Ready for a fun weekend?
Me too! Fun in the sun, hot dogs, hamburgers, iced tea and watermelon! I can’t wait!
I have a confession…
I’ve been wanting to make a tablescape for awhile but just never had the confidence that could pull it off…
but being that it’s the 4th of July…I thought why not use those red plates I bought for a Christmas dinner one year.
Well, to have a proper table scape you need some rock’n place mats and I didn’t…
but I do now. Want to learn how to make your own?
Keep reading 🙂
These white washed place mats are so easy and I think you will find they will be very versatile. I already have visions of beach tablescapes, nautical, french country, ho-down…just to name a few, I think the list might grow before this post is complete.
All of the materials needed to make these fun place mats where found in my home. The slats are just plain old shims used for leveling door frames, stirring paint and more. Their package says “thousands of uses” but they never thought of this use 🙂
the jute twine is pretty much a staple in my work shop so there’s always plenty for any project the pops into my head and for the paint, I just used plain ceiling paint. I seem to always have that hiding somewhere in my garage.
To get started select some shims, don’t worry about how they look. I found some where a bit warped, so I replaced those. I used eight shims for this project. Now shims are tapered at one end so I lay the slats alternating directions.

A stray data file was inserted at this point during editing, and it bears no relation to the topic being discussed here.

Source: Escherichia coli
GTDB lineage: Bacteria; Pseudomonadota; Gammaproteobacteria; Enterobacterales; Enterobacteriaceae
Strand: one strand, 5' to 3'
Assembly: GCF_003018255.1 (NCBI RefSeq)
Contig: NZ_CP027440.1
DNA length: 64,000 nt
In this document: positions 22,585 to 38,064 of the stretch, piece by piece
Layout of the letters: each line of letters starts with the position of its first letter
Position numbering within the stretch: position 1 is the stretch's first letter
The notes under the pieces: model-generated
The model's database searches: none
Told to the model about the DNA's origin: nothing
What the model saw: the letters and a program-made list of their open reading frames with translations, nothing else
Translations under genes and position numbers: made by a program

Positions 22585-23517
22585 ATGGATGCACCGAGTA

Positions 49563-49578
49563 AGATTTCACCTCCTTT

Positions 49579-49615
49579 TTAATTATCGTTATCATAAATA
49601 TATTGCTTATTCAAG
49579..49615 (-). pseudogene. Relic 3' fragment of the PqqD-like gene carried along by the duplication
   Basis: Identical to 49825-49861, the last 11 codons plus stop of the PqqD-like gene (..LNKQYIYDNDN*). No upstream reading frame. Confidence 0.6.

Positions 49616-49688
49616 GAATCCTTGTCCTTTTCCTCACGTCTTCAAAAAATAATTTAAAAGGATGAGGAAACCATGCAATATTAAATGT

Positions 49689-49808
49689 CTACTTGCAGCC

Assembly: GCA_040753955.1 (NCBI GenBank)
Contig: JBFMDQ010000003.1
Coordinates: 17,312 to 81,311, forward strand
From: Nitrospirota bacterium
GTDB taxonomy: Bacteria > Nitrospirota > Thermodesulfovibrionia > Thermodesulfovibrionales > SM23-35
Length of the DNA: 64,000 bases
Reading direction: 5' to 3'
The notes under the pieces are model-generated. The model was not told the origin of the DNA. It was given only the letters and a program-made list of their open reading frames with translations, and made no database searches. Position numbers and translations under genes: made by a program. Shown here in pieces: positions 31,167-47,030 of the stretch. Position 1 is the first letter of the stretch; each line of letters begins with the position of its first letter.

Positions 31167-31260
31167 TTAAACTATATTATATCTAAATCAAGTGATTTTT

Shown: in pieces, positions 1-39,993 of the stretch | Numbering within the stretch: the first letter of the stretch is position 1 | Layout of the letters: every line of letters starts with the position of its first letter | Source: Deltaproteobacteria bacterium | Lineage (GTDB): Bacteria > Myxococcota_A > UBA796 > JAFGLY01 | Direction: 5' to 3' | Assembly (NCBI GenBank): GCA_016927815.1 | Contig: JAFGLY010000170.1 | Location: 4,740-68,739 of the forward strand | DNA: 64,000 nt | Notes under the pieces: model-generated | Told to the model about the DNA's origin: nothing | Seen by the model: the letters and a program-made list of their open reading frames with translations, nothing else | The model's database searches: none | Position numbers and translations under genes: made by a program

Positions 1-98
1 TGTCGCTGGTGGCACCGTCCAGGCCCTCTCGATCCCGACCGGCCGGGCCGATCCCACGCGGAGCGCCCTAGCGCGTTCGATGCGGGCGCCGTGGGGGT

Don’t worry the plates don’t wobble…I promise.
Also don’t be too concerned about notches or holes in the shims. This adds to the distressed look and it might even lend itself to another use, you’ll see later 🙂
Next you dry brush the white ceiling paint onto the shims. Don’t worry about covering all of the the wood. This just helps to skip sanding for the distressed worn look. Unless you want to sand…I prefer not to.
Ceiling paint used in sparse amounts drys really fast so after you have painted 32 shims (I made four place mats) the first eight are ready for tying. I measure the length of twine needed by laying my twine across the slats. I leave a couple of inches at the end, then I add three more lengths of the area I will be tying. In others words with twine in each hand, pull in taunt from top to bottom as shown and then do that three more times, but the first measure has a little 2″ at the end.
Take your length of twine, place ends together and find the center of the twine, place that center fold over the top slat and tie as shown. I laid my slats so the thickest part of the shim is at the top left corner which will be where I begin to tie the twine. I don’t knot just tie like the first step of tying a shoe string. Then place the second slat on top of the twine that lays at the bottom of the tie. This helps the place mat to lie flat.
Continue until you’re at the end the just tie a knot then move to the other side (right side) repeating the same steps as on the left side. This side is much easier to do because the shims (slats) don’t move freely on the other side, so this side will go much quicker.
Now if you live in Texas like me, you can see how some blue paint on the left side with a white star and some red paint on the top four slats would make an awesome Texas Flag…
a square field of blue with stars in the top left corner, alternate red and white slats and you could have a replica of the US Flag. Now that perfectly placed hole in the slat could be used to hang your awesome flag.